C++ Tutorial #7 – While Loops & Do While Loops


Today, I will be writing two tutorials, these will be very short. First I will begin with “While Loops”, and last I will cover “Do While Loops”. If you remember my last c++ tutorial on “For Loops”, then this will be really easy to learn. Let’s Begin!




Here is the syntax for the While Loop:




While Loops are a little bit different than For Loops. Instead of repeating the statement until the condition is true, While Loops  repeat the statement while the condition is true, but it will stop when the condition is false.


Let’s begin coding:



If you wrote this correctly, your program should look like this:




It will not print “0” because that condition is true. You have probably figures out by now, but I’ll still explain how the program works.



We created int x and set its value to 10. Unlike For Loops, in While Loops we have to initialize a variable for the condition before you start writing your loop.



We created our for loop with (x > 0) for our condition. Since 10 is greater than 0, the condition is true. Because the condition is true, the program will run the statement inside the loop. In our statement, we tell our program to print the value of x; write a new line; and decrease the value of x by one. Since the condition is still true (9 is greater than 0), the program will continue to run the statement inside the loop, until the condition is false. Once the condition is false, we break out of the loop.



Then we tell our program to print “BLAST-OFF!!!”.





Here is the syntax for Do While Loops:



The behavior of Do While Loops are like While Loops, except the condition is checked after the statement is executed instead of before. That makes it so that the statement can run at least once. Like While Loops, Do While Loops repeat the statement while the condition is true, but it will stop when the condition is false. In this next example, I’m going to add a little twist to the code. We will be using strings, and I’m going to throw-in an If Statement.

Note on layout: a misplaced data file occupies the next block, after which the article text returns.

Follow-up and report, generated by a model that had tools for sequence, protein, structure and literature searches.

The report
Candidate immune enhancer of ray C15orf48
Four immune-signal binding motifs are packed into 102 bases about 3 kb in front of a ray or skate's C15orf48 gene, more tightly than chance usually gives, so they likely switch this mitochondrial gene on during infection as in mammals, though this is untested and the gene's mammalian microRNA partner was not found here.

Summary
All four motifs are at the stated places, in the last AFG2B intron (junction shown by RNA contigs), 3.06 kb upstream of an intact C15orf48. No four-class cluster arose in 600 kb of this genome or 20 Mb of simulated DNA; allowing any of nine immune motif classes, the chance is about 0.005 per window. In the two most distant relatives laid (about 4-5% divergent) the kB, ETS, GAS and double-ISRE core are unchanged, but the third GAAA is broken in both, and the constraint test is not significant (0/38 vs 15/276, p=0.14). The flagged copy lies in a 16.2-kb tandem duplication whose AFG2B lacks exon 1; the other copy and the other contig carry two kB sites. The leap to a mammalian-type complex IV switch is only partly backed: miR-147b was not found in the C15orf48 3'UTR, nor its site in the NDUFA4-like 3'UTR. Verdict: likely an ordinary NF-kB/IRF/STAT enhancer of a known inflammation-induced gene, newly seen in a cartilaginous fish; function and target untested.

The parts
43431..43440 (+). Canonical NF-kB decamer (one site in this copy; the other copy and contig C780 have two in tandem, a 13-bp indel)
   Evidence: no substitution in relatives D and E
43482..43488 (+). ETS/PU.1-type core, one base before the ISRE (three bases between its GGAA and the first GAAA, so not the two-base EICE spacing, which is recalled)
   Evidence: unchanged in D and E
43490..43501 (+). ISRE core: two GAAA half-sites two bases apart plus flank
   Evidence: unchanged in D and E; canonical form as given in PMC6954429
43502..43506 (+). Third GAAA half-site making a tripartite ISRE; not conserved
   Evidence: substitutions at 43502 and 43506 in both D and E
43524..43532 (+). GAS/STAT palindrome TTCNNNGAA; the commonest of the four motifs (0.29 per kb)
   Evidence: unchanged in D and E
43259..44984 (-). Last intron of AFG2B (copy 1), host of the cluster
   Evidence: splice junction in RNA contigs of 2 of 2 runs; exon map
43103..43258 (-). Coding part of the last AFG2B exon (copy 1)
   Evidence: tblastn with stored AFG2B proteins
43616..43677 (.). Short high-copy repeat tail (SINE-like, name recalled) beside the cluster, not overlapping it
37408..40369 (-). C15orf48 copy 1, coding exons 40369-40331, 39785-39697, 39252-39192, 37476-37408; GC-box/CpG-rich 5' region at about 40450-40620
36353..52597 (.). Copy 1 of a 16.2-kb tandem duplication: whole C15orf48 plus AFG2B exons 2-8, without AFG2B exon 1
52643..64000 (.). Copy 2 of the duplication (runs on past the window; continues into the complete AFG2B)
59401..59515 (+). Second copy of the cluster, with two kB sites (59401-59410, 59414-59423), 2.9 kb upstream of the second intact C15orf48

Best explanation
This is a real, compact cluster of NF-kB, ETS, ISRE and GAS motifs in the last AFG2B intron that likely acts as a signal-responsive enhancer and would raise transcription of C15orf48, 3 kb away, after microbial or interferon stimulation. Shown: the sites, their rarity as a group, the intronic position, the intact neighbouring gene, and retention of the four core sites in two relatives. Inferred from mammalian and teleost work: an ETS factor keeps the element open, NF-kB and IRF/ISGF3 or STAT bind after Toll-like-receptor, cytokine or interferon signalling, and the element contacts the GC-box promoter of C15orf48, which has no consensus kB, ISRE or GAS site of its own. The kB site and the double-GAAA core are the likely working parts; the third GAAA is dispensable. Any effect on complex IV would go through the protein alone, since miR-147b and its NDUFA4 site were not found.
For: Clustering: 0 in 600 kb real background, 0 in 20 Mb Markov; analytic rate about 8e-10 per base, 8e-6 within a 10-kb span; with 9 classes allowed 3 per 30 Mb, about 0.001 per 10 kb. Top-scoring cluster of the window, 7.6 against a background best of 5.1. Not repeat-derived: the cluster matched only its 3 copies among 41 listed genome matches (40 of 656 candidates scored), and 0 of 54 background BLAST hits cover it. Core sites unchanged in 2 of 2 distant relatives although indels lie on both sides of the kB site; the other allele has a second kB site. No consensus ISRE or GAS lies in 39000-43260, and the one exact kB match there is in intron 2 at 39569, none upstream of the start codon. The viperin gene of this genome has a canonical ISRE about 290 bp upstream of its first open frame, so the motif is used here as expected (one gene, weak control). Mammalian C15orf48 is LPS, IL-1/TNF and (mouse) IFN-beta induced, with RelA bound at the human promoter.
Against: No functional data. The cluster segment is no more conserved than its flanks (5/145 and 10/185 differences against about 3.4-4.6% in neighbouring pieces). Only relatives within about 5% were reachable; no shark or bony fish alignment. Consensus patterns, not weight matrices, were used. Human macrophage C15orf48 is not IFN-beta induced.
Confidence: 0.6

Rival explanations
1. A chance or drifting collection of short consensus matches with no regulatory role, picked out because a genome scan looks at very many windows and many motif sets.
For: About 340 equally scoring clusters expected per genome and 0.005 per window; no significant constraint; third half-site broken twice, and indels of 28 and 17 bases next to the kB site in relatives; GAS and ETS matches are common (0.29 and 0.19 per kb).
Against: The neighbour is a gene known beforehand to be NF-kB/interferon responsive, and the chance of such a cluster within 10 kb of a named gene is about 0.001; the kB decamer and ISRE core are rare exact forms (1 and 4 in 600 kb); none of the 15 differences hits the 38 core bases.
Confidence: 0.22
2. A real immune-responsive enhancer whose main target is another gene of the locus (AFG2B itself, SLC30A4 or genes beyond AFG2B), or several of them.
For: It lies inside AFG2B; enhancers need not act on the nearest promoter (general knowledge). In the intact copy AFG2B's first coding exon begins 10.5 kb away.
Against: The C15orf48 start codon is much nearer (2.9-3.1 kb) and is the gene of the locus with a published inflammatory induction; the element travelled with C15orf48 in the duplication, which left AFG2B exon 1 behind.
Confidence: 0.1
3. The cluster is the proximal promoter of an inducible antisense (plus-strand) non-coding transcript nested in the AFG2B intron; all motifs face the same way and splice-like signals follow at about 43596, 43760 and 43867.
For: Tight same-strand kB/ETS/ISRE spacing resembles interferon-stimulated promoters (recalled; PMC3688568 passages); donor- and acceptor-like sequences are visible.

Let’s start coding again:



Your program should look something like this:


Enter Password: ABC123
You entered: ABC123

Enter Password: Password
You entered: Password

Good job, you finally learned how to enter Password!


If you noticed, the program prompts the user to enter “Password”. It’s not asking the user what the password is. You just simply type “Password” and hit Enter.


Let me explain the code:



We created a string called “str”. We didn’t assign it a variable because we will be doing that later in our Do While Loop.



We created our Do While Loop with (str != “Password”) for our condition. Since ABC123, is not equal to Password, that means the condition is true and the loop will run again. If you enter Password the condition will be false and the program will break out of the loop.



Take a look at the If Statement I wrote inside the Do While Loop (Yes, you can do that). This checks if the user assigns the variable “str” equal to password in lowercase, and changes it to Password with a capital ‘P’. That makes it so the condition is false, and the program will break out of the loop. Always remember that C++ is case sensitive. I also want to point out that you can write an If Statement in one line if you have only one statement, and you don’t have to use curly braces, but make sure you place a semicolon at the end, so your program know that that’s the end of the line.



That’s pretty much all there is to While Loops, and Do While Loops. Make sure you keep practicing, and experimenting. Try throwing in an if statement or something else to transform the way your program works. Hopefully, this example gave you some ideas. In the next tutorial, we will go back to for loops, and I will be teaching you about Range-based For Loops. It behaves like a For Loop, but it uses a different syntax.


About Justin

Computer programmer and owner of kauergames.com.
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